Individuals who have immunodeficiency come from many diverse cultural and religious backgrounds, and the care they receive should respect that.
Please contact us if you would like to help us expand this section of the website to cover your faith.
What should be considered?
There are many issues concerning your healthcare that should be respected with regards to your faith or none. These include:
- attitudes to healthcare staff and illness
- religious practices
- washing and toileting
- ideas about modesty and dress
- death customs
- birth customs
- family planning
- blood transfusions, transplants and organ donation.
Spiritual care should be provided for in an equal manner, for those who have faith and for those who have no faith. Most trusts or health boards have spiritual and religious care as part of a chaplaincy team, who should be expert on managing patients from multi-faith communities.
Solid organ or bone marrow transplantation
For many of faith or without, the issue of transplantation (solid organ or bone marrow) is a matter that requires extensive counselling and support and whilst not specifically prohibited by many faiths, may be problematic for many individuals. In those faiths that respect a need to bury the body whole, transplantation may not be acceptable, particularly from the donor perspective. Healthcare professionals can provide help and support with these considerations.
Blood and plasma donations and treatments derived from these tissues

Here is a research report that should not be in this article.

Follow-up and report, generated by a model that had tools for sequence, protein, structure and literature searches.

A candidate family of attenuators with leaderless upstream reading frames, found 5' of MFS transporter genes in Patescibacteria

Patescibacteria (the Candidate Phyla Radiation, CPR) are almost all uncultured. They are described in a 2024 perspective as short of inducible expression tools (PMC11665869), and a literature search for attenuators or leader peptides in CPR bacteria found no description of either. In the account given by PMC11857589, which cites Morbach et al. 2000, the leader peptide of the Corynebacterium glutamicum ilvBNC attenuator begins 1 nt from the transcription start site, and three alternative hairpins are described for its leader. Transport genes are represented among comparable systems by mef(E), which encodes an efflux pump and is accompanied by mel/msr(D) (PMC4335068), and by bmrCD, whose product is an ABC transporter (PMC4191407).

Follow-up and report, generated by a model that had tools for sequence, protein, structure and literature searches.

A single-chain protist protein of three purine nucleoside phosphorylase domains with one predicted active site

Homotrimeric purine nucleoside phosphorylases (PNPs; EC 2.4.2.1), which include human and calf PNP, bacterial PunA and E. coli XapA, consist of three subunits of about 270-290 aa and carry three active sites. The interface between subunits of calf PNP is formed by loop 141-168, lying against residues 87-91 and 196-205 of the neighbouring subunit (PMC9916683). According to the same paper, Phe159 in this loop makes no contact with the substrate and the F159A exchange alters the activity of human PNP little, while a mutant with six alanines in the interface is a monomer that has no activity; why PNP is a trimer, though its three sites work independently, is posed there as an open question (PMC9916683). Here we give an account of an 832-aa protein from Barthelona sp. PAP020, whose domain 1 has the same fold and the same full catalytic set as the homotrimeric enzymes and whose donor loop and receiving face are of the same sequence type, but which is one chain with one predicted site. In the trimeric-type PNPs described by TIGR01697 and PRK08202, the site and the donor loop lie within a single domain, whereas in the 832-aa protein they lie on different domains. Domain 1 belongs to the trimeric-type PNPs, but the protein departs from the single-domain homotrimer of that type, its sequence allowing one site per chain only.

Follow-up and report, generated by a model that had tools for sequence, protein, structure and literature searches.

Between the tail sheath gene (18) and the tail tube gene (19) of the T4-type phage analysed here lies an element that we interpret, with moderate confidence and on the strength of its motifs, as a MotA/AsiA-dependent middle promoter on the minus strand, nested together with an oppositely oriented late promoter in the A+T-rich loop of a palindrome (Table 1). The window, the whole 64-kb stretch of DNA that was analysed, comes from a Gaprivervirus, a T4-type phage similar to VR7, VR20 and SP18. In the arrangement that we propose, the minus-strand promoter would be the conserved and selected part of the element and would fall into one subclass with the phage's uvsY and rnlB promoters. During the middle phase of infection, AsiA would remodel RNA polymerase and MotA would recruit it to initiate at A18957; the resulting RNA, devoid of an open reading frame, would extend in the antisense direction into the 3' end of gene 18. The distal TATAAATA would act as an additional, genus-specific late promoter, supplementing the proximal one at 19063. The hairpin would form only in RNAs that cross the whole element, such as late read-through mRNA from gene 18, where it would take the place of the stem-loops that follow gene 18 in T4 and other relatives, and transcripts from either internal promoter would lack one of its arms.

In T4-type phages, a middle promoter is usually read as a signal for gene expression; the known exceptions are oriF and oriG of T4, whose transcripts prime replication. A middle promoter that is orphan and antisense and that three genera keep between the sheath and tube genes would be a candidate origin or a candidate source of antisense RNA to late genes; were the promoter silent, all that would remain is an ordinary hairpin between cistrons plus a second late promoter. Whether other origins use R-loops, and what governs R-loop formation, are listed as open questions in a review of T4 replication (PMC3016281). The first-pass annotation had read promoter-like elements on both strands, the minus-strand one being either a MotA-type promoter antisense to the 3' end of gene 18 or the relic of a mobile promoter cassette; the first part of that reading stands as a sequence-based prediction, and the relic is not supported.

Here we cover how different faiths need special consideration.
For blood and plasma donations, Jehovah’s Witnesses may carry on their person an advance medical directive/release that states they must not receive blood transfusions under any circumstances, while releasing medical practitioners and hospitals from responsibility for any damage that may be caused by their refusal of blood.
When entering the hospital, a Jehovah’s Witness should sign consent/release forms that reiterate this and specify the hospital care needed.
Jehovah’s Witnesses’ religious principles do not absolutely prohibit the use of minor blood components such as albumin, immunoglobulins and haemophiliac preparations. Each Witness must decide individually whether he or she can accept these. This usually requires a conscience discussion with the patient’s family and/or elder. While forbidden to take blood, Jehovah’s Witnesses are not specifically forbidden to take in tissue or bone from another human. Healthcare professionals can help with these considerations.
Information on Jehovah’s Witnesses’ beliefs was endorsed by a PID patient of that faith (July 2013). Reviewed August 2022.